There's a reason why Chopped is everyone's favorite cooking competition show. Its premise surrounds a unique mystery basket that always, without fail, contains the most motley and difficult to combine ingredients (an actual appetizer basket included corn nuts, fruit cocktail, black garlic, and uni). Viewers come back again and again to see what's in this episode's basket, and I don't know about you, but literally every single time I say, "OK, there's no way they can make a meal out of those things." And literally every single time the contestants prove me wrong, as I watch stupefied and even more addicted to the show. Throughout the seasons, I've noticed certain techniques and tricks that have proven to get you to the next round, and some that guarantee your dish will get chopped. Here are some crucial tips to consider if you ever dare to go on Chopped.
1. If there's any kind of cookie or cracker in the basket, use it as breading.
Rather than trying to do something fancy with the cookie or cracker intact, crumble it up and use it as breading for whatever meat is in the basket. The judges are always looking for creativity in how you incorporate the ingredients, and leaving something whole and barely manipulated would be a cop-out. Turning it into a delicious breading, however, will always score you points.
2. If you get poultry, start cooking it right away.
There's nothing the judges, especially Geoffrey Zakarian, hate more than undercooked or raw meat. The dish could be perfect in every other way, with bountiful flavors and a stunningly elegant presentation, but if the meat is undercooked, it will most likely end up on the chopping block. If you get poultry in your basket, get that cooking before dealing with the other ingredients.
3. If you just can't figure out one or two ingredients, make a sauce.
Ingredients like butterscotch candy or tamarind soda can really throw a wrench into your plans. For items like these, the safest and usually most effective route is to reduce them and either integrate them into a sauce or salad dressing. Use ingredients from the pantry to temper them — don't ever let weird flavors like these stand out on your plate, unless you really know what you're doing.
4. If you can bake something in the dessert round, do it. It will impress the judges.
The dessert round is often an afterthought for many of the contestants, especially if pastry is not their strong suit. If you plan on competing, do yourself a favor and brush up on your baking skills beforehand. The last round matters! If you can manage to bake something in the 30 minutes allotted for the dessert round, incorporating all of the ingredients in a clever and delicous way, you will get a major edge up on your competition.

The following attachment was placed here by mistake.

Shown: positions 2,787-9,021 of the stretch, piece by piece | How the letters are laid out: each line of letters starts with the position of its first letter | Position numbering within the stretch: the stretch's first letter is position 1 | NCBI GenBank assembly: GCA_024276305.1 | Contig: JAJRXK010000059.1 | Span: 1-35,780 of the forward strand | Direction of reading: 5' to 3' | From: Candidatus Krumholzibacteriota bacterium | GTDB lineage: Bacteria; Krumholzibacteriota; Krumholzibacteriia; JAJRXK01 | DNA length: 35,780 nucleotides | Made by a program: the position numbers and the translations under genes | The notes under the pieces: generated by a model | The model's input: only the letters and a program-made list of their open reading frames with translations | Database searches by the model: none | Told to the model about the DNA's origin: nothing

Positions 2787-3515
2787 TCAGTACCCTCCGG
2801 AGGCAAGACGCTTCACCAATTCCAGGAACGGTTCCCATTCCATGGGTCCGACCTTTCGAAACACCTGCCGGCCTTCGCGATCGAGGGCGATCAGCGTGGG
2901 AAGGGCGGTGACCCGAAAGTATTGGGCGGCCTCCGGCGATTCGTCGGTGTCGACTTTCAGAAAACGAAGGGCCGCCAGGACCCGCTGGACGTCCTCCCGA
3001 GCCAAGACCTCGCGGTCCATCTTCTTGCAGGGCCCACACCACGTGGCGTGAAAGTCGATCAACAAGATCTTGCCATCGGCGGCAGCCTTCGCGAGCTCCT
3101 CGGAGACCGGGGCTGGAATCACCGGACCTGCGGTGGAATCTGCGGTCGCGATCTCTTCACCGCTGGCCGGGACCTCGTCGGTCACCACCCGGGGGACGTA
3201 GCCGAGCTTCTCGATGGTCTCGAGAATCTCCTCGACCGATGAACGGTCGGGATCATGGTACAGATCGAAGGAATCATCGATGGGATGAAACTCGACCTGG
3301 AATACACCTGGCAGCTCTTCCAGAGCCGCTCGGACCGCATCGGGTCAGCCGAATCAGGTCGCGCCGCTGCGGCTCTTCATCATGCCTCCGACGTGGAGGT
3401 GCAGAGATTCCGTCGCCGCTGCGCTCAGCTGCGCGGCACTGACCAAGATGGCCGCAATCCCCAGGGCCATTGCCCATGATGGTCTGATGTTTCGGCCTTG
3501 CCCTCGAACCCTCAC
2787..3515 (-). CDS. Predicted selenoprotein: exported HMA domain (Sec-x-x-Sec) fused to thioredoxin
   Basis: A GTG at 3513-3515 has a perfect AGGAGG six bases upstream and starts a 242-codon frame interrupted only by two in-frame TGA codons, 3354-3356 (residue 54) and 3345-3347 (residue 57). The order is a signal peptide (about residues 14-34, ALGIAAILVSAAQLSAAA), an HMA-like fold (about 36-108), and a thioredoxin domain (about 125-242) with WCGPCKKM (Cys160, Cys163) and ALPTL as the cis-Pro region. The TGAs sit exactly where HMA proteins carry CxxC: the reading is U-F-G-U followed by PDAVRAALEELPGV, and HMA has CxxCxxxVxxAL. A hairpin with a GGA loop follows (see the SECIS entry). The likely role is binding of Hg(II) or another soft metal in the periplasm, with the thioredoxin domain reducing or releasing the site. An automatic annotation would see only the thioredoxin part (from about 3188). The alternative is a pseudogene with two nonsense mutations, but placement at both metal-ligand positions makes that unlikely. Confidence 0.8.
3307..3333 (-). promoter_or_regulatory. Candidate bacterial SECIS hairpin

5. It Maneet Chauhan is a judge, make something spicy.
"Queen of Indian fusion" Maneet Chauhan holds one criteria above all others, which often turns into a recurring criticism: the dish could use some heat. It seems there is no amount of spice this lady can't handle, so if you're on the show and she's a judge, you better bring the heat.
6. If Scott Conant is a judge, don't use raw red onions.
If Scott Conant is judging, do not, I repeat, DO NOT use raw onions, especially red onions. It baffled me when in one episode, a contestant was told very loud and clear by Conant that he hated the raw red onions in his appetizer, and he uses raw red onions again in his entree course anyway. Maybe he wanted to lose $10,000? The lesson here is simple: avoid raw onions at all costs — even if Conant is not judging, because I'm pretty sure I've heard Marc Murphy complain about them too.
7. Get everything on the plate!
This is even more important than making sure your meat is cooked enough. One of the main rules of the competition is that you must use all of the mystery basket ingredients in your dish, so if you leave something off your plate, you are technically disqualified from moving on to the next round, even if your dish is perfect otherwise. And this applies to all of the judges' plates. Even if you have just one incomplete plate, you can bet your $10,000 that they will make a big stink about it. "The grilled yak was delicious — however, I didn't get any of the black garlic aioli on my plate. Alex, do you mind if I try some of yours?" They'll reach over and make a scene, you'll be embarrassed, and it's just awkward for everyone, including viewers at home.
8. Don't be cocky, and always listen to the judges' advice.
They're judges on an esteemed cooking competition show for a reason. They know their s**t. And you may think you're on the same level because you're the executive chef of a French bistro in Albany, but believe me, you're not. When contestants' arrogance shows and they take the judges' criticisms poorly, this will most definitely help inform their decision. In one episode, a contestant with multiple Michelin stars felt compelled to boast about his career outside of the Chopped kitchen and how he didn't even need to win to feel validated. Guess what? He was the first to be chopped. The judges didn't even care about his dish at that point. Then there was the contestant who argued with every criticism the judges offered, and so they had to offer him some much-needed advice : "Sometimes, you need the ingredient of humility."
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